Clarks wants to reach fashionistas, but needs to be more content savvy

MaryLou Costa is a key member of the Marketing Week features team and her blog brings her unique Australian perspective to brands. She also oversees the Market Research Focus weekly bulletin.

High street stalwart Clarks is looking to reposition itself as a brand for fashionistas, through its new brand imaging, partnerships and most importantly, products that any fashion conscious person would be proud to have in their wardrobe.

Clarks is looking to gain some real fashion credibility through strategic alliances with big names such as retail guru Mary Portas and Liberty, as well as targeting music lovers with indie band tie ups.

It’s really obvious in the imaging on display at the press preview in London this week: big glossy posters of fresh faced young women ready to put on their new Clarks floral wedges and pastel coloured t-bar stilettos, and young men in skinny jeans and vintage hawaiian shirts.

The Mary Portas range is particularly impressive – I can see the snake skin wedges that were on display becoming a celebrity must have. The premium red packaging goes with the premium price point.

Clarks Mary Portas
Clarks TBar heels
Clarks men

The Mary seal of approval seems to be worth gold at the moment as this also follows her collaboration with House of Fraser. Clarks has been under the guidance of Mary’s retail marketing agency Yellow Door for some time now and it seems that she obviously felt this was a brand she needed to get personally involved with. I can see she’s been very pragmatic in terms of keeping the comfort element but adding fashion to it.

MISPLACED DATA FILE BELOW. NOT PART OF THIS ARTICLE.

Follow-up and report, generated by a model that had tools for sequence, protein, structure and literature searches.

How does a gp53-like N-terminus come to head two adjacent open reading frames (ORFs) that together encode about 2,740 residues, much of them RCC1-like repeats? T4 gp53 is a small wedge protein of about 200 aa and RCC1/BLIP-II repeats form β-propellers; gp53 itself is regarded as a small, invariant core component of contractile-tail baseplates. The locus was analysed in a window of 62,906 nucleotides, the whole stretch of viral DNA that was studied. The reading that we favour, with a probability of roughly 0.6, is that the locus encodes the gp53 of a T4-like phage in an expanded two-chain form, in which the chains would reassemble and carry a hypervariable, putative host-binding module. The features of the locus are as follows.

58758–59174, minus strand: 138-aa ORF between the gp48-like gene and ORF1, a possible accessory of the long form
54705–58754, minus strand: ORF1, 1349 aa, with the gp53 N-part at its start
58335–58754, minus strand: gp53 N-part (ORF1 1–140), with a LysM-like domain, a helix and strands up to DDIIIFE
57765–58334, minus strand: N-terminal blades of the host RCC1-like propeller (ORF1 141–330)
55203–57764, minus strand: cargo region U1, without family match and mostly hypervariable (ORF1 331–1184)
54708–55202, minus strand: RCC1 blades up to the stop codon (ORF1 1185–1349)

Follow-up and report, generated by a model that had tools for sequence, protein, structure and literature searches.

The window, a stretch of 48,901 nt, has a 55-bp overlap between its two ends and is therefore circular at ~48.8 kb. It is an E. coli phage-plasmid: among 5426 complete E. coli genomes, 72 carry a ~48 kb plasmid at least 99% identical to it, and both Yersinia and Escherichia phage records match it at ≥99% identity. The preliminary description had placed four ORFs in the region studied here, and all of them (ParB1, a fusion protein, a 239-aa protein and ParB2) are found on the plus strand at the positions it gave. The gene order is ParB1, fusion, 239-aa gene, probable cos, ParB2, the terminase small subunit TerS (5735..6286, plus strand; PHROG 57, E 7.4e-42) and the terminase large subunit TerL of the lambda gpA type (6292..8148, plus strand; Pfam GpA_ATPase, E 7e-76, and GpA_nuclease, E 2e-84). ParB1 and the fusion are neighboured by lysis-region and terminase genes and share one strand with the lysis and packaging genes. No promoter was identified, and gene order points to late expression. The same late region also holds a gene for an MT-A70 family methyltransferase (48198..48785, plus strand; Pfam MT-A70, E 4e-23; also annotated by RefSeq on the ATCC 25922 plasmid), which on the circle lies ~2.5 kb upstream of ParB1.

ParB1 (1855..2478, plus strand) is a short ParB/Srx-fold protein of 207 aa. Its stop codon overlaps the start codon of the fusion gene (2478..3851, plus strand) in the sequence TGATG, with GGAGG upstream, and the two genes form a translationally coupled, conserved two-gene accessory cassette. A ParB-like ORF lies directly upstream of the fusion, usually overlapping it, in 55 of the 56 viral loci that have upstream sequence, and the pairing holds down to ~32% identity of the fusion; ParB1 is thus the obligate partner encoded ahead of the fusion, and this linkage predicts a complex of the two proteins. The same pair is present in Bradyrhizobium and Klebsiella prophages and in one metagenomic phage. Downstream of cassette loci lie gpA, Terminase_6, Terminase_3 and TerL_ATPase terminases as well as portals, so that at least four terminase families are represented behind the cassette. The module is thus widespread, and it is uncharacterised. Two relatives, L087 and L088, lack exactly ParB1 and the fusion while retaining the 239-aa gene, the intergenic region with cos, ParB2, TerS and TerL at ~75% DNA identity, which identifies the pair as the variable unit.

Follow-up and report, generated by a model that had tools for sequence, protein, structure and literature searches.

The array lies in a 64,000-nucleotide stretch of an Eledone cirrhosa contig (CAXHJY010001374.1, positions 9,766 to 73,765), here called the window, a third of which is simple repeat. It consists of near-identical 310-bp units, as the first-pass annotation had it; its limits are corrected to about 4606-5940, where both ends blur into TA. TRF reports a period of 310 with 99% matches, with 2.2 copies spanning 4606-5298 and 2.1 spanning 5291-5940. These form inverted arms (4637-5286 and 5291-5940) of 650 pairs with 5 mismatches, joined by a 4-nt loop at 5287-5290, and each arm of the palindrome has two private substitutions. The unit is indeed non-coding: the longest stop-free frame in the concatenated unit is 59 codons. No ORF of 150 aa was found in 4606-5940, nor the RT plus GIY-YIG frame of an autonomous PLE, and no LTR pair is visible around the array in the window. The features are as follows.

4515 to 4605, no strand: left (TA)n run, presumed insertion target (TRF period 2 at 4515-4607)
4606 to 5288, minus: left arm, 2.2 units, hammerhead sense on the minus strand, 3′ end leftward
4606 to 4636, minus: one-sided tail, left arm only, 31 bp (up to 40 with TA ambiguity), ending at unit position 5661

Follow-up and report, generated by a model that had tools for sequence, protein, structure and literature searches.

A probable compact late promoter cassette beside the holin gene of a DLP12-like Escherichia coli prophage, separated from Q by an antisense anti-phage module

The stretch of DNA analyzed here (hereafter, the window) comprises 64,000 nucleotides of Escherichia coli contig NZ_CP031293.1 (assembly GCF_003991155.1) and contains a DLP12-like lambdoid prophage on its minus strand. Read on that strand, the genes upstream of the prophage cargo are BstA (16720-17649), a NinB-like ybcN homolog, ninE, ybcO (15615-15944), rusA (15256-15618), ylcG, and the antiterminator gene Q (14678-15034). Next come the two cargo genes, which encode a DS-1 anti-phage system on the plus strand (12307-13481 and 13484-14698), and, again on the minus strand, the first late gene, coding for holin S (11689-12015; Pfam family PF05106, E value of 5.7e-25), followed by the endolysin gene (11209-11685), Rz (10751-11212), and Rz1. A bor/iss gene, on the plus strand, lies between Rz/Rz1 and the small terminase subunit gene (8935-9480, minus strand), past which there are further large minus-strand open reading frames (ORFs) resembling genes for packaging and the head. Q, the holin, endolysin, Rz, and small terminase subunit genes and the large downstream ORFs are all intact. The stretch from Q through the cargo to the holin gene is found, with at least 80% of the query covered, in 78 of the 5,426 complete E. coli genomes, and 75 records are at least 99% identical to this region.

But Clarks website and store environment still lags behind in the fashion stakes. The aesthetic of both is not one of an obvious fashion brand. But to Clarks’ credit, it has adopted features such as free delivery and returns, something that some fashion retailers have been slow to adopt. As we are starting to see, this is becoming a real differentiator and a reason for people to shop with your brand online over a competitor.

However, content has become a key strategic element for fashion brands and this is something Clarks is lacking in. There is fashion content on the site but the home page does not make this obvious and you have to go looking for it. It doesn’t feel very original and there isn’t much of it. There is so much potential for Clarks – it could position itself as the real shoe expert for all the shoe-aholics out there.

When even Tesco is blogging about fashion, you know this is something you need to be doing if you are going to be a real player in this space.

Perhaps Clarks is reluctant to go into fashion all guns blazing at a risk of alienating its more conservative core audience. This is going to be a challenge, but some of the big lessons of branding would be not going into something half baked, and that you can’t be everything to all people.

This is a syndrome that I would say M&S is beginning to suffer from – wanting to be fashion forward but reluctant to let go of its practical persona.

There is clearly a lot of love for the Clarks brand. Everyone has a nostalgic connection to it, so it makes sense to revive this.

A fashion conscious youth audience is likely to be more profitable than Clarks’ traditional family audience. But catering them is going to take a lot more than strappy stilettos and attractive branding – Clarks needs to get moving with content.

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